The first preview of Ken Ludwig's new play, "Moon Over Buffalo," is nearly over, and the set has jammed. Director Tom Moore rushes to star Carol Burnett's dressing room: Will she entertain the packed Broadway theater while stagehands try some backstage magic?
Burnett immediately heads back onstage, in costume as second-rate actress Charlotte Hay. Time to "bump up the lights" for some questions and answers.
Burnett's witty 20 minutes of 1995 emergency improv, much of it captured in the forthcoming documentary, "Moon Over Broadway," reminds yet another audience why she may be the most beloved comic actress of our time. Laughing at people's questions--and, often, at her own answers--she proves that the American dream has not always been myth.
In less than two weeks, the red-haired comedienne will glide through Pasadena, grand marshal of the 109th Rose Parade. The perfect choice for an event whose slogan is "Hav'n Fun," Burnett is truly hometown-girl-makes-good, a product of Selma Avenue Grammar School, Hollywood High, UCLA and the city's legitimate and TV sound stages. She will also have come full circle, from singing alone in her grandmother's one-room Hollywood apartment to perfecting a regal wave for millions of TV viewers who already think of her as royalty.
Longtime friend and comedy colleague Tim Conway can't figure out why she accepted, since "they're going to be gluing those flowers all over her and pulling her down the road so early in the morning." But Burnett has already gotten into the spirit, delivering her patented Tarzan yell at the news conference announcing her selection.
"Carol Burnett is somebody who not only has the talent to be funny all the time, but to go out and do it," says Gary Dorn, 1998 Tournament of Roses president. "She didn't have the greatest childhood in the world, but she just throws it all off and continues on."
She has to. That's what they did in the movies, her alternative reality as a child.
As Liz Smith told A&E's "Biography" a few years ago, Burnett "gives you this feeling that even an ordinary person can be great." That's probably because Burnett grew up with just that feeling herself.
"If I hadn't been raised in the time that I was, I don't know that I could have done what I did," Burnett confides. "In the movies, the good guy won, and anybody
going through adversity would come out on top, and the movies were where I lived. So when I went home, I was still thinking about Fred [Astaire] and Ginger [Rogers] and how they went through a hell of a lot to get to the happy ending. It is really great to be naive in certain instances--you're not cynical, and you don't take no for an answer."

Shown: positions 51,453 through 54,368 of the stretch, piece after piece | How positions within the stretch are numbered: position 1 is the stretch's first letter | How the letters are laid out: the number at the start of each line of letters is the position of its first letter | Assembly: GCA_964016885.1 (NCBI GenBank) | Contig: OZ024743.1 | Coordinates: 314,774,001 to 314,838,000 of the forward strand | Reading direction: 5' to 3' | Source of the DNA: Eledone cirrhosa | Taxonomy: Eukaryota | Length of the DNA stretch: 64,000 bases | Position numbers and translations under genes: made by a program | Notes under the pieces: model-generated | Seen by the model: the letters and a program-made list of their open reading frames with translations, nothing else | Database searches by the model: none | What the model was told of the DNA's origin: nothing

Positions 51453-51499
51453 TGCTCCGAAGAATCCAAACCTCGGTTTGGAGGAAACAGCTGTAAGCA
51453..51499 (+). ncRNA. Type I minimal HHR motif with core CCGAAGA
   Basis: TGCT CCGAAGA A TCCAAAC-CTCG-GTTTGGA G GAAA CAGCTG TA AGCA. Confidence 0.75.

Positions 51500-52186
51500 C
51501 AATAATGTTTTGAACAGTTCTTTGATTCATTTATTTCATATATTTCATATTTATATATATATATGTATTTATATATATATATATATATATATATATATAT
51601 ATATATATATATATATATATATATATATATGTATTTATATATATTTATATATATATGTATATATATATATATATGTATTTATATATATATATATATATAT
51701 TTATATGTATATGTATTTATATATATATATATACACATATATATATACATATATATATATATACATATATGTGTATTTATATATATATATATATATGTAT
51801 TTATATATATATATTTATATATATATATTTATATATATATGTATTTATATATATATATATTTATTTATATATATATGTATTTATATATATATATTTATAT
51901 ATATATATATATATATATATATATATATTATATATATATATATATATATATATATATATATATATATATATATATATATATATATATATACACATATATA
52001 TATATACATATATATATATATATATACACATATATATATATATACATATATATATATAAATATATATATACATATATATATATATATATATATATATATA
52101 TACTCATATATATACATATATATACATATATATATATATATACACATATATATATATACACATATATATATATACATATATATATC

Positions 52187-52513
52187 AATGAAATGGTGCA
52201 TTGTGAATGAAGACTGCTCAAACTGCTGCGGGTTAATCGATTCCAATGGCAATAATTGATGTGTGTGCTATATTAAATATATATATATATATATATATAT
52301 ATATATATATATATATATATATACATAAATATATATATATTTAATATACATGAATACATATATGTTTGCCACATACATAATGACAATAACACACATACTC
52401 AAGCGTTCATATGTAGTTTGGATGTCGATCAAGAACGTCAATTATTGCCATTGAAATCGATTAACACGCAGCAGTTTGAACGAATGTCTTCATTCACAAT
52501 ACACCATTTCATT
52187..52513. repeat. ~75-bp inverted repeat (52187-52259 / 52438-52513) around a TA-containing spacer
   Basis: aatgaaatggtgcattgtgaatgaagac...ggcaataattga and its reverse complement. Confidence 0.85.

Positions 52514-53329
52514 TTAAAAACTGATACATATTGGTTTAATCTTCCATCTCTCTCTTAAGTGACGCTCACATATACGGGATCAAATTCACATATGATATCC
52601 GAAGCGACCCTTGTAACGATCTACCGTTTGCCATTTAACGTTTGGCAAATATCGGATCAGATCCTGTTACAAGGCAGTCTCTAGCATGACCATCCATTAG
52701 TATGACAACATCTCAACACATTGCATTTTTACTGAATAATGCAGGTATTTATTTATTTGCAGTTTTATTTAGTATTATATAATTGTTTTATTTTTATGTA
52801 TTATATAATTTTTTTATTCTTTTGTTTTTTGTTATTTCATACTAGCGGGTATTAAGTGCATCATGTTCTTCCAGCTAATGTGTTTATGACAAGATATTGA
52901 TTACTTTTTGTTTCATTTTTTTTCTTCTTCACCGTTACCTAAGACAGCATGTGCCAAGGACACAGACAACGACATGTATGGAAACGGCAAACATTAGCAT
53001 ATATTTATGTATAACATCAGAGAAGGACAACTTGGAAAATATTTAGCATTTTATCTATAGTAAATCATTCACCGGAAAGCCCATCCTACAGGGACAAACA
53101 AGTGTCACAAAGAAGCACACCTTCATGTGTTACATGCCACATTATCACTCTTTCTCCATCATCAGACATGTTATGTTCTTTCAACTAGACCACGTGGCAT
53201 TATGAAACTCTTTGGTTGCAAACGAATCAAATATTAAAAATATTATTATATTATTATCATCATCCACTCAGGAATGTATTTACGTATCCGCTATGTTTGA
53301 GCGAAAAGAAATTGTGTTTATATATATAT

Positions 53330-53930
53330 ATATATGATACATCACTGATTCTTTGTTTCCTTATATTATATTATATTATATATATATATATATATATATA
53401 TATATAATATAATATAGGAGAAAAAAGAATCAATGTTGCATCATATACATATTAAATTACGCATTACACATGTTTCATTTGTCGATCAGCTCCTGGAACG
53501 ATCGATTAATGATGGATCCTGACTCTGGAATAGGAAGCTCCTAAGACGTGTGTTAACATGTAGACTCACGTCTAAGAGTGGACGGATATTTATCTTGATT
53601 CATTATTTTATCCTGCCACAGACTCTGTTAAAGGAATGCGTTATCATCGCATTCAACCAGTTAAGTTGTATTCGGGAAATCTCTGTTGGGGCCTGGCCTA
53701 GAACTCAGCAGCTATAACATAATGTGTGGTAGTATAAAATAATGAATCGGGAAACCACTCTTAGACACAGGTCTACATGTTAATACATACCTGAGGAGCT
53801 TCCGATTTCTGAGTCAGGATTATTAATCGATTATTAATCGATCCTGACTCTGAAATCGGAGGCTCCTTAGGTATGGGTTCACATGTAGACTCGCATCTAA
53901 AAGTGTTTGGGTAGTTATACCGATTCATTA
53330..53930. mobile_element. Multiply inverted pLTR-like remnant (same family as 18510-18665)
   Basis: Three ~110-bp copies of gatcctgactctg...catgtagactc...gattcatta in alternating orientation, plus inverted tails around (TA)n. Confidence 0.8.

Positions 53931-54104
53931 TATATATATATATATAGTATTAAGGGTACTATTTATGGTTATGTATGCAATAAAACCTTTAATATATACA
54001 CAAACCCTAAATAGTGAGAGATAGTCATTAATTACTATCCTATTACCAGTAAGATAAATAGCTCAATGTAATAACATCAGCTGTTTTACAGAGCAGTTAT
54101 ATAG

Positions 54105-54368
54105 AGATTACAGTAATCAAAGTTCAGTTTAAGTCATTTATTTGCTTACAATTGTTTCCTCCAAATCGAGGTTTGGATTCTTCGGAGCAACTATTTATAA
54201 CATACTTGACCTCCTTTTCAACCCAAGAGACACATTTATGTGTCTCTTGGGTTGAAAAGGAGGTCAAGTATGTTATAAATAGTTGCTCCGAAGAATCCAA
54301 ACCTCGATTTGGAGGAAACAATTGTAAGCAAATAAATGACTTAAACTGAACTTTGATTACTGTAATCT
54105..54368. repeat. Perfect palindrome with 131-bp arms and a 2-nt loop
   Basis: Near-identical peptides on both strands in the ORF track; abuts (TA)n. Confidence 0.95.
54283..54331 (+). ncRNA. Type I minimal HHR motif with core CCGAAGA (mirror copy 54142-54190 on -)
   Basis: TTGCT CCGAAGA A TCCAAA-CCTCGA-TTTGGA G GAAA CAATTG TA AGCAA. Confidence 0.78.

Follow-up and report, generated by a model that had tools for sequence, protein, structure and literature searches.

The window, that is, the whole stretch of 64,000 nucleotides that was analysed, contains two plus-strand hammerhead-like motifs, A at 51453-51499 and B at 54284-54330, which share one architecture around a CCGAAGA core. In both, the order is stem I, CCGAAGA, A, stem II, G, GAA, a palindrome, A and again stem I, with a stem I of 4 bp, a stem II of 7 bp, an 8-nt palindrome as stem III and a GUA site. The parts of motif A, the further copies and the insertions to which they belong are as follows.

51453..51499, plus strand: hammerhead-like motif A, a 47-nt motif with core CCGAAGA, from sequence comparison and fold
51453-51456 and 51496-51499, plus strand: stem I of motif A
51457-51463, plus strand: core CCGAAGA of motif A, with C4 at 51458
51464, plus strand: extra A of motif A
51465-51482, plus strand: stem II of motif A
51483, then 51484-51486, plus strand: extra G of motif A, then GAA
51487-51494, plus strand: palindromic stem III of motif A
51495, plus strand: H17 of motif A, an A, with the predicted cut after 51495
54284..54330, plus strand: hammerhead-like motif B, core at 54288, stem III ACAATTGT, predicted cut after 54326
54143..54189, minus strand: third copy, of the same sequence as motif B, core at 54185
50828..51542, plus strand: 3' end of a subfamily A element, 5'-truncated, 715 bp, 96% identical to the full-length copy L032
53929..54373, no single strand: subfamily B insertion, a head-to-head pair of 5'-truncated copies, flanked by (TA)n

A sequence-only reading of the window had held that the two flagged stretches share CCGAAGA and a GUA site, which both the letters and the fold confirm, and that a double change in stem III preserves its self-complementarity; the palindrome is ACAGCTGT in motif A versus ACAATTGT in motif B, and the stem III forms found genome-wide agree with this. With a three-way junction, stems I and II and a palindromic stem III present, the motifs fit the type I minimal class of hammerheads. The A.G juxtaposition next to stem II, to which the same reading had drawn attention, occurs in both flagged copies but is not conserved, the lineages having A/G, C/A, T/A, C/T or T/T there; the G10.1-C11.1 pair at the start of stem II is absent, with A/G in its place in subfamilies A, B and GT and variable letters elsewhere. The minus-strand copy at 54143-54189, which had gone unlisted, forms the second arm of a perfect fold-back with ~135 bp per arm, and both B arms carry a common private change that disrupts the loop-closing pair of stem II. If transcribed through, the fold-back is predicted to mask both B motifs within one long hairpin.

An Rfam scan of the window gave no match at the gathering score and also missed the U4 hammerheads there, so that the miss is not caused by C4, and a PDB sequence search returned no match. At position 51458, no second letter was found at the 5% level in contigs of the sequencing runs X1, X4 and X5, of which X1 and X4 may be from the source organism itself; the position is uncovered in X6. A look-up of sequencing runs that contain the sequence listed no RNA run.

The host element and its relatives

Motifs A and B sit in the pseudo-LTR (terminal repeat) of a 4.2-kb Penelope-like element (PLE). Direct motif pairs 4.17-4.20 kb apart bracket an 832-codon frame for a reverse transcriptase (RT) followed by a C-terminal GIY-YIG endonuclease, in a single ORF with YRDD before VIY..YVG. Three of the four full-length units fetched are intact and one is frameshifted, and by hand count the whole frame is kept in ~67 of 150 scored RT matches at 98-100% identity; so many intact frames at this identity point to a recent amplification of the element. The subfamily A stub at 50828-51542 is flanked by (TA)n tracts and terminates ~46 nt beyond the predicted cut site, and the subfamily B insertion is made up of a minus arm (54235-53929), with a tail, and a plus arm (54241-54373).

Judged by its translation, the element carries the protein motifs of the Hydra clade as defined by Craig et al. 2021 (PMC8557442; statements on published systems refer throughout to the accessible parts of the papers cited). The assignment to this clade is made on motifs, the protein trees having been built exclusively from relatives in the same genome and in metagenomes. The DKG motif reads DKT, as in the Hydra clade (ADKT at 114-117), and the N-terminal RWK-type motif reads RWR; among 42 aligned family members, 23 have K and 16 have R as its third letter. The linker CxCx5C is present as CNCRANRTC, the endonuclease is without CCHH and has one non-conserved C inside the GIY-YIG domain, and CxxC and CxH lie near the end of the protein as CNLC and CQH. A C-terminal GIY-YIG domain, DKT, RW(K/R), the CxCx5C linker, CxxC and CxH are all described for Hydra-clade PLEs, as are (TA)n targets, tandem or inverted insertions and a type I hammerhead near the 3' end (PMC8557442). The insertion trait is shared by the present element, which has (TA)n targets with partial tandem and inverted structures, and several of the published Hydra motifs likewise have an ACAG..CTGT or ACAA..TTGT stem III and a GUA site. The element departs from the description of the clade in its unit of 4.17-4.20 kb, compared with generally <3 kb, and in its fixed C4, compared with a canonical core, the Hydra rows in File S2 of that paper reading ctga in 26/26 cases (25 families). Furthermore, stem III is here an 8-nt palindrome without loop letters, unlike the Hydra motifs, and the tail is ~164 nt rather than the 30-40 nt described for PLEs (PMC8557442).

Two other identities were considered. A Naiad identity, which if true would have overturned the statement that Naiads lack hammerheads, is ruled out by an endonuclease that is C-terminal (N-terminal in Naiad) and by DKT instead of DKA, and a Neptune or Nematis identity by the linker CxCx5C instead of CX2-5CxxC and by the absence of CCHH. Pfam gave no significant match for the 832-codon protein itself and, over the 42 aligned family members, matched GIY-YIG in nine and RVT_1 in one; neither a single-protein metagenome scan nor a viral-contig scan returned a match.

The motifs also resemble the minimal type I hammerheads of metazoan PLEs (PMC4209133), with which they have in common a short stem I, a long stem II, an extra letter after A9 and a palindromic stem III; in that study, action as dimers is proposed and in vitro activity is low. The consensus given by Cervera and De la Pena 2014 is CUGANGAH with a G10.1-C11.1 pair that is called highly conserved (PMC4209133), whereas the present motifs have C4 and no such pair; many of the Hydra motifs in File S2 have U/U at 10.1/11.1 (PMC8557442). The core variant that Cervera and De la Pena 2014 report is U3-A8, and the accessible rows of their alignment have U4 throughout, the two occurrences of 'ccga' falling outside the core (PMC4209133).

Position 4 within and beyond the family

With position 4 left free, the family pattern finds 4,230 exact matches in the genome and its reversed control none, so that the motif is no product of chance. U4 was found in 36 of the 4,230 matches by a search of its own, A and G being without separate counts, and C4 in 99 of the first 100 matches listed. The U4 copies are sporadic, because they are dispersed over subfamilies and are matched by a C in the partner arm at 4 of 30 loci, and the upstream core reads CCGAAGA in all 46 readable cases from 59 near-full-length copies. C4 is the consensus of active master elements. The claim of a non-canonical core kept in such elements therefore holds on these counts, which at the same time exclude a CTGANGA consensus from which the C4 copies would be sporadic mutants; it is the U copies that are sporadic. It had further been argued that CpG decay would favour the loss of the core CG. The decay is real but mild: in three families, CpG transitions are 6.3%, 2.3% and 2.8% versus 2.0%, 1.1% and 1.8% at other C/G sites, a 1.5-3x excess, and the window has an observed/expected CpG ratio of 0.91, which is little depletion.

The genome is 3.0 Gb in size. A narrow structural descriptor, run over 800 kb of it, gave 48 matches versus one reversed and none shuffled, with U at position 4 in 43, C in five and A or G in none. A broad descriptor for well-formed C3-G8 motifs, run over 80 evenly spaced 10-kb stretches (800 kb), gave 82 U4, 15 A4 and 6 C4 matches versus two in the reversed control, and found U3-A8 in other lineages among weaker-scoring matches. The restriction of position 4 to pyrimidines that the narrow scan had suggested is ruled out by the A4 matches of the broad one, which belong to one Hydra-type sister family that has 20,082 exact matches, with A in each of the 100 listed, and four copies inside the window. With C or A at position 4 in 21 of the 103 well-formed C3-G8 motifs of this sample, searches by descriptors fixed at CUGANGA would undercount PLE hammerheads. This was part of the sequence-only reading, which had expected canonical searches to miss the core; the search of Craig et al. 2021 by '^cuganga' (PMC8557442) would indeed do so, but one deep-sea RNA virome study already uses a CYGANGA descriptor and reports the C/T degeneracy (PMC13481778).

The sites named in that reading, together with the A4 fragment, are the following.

There's been plenty of disappointment and heartache, sure, but in her best-selling 1986 memoir, "One More Time," in her public appearances and in raising three children, Burnett's life reflects extraordinary positive thinking. As she told one questioner a few years ago: "Don't ever let anyone tell you you can't do something, because if you believe it, they're right."
So Burnett tries it all--TV, theater, movies, being funny, being serious--and is astonishingly good at all of it. Her latest success, in fact, comes of essentially recycling past experiences in "A Conversation with Carol Burnett," her traveling road show of bumping up the lights and taking on audience curiosity in one big city after another.
Ever the gracious hostess, she receives the reporter, the publicist and the air-conditioning repairman with the same lively, interested attention she's honed for more than four decades as an entertainer. Casually dressed, slim and lithe, she hardly looks 64 and a grandmother in real life as well as on NBC's "Mad About You."
Home is a condominium atop a luxury Westwood high-rise. Decorated by friend Anita Ludovici De Domenico, it is cozy and, with its warm earth colors, seems smaller than it is. Her cat, Roxy, a companion at the hotel where she lived during the run of "Moon Over Broadway," roams the place. Burnett likes condo life in part because she can lock her door at any time, walk away and head off for adventure.
Chatting in her living room, playing all the parts in stories about her family, her TV shows and everything else, she punctuates tales with that throaty laugh familiar to generations of TV viewers. Playing Verla Grubbs, the illegitimate daughter of a carnival con man and snake charmer on "All My Children," "was a hoot," as was performing with friends Julie Andrews and Beverly Sills. She giggles even talking about her frequent suppers with pals Conway and Harvey Korman.
But prominent in the hallway is a large painting of Hollywood rooftops, including the one at Yucca and Wilcox where she played as a child. The painting is there, she says, "so I don't lose sight of the old neighborhood and where I came from."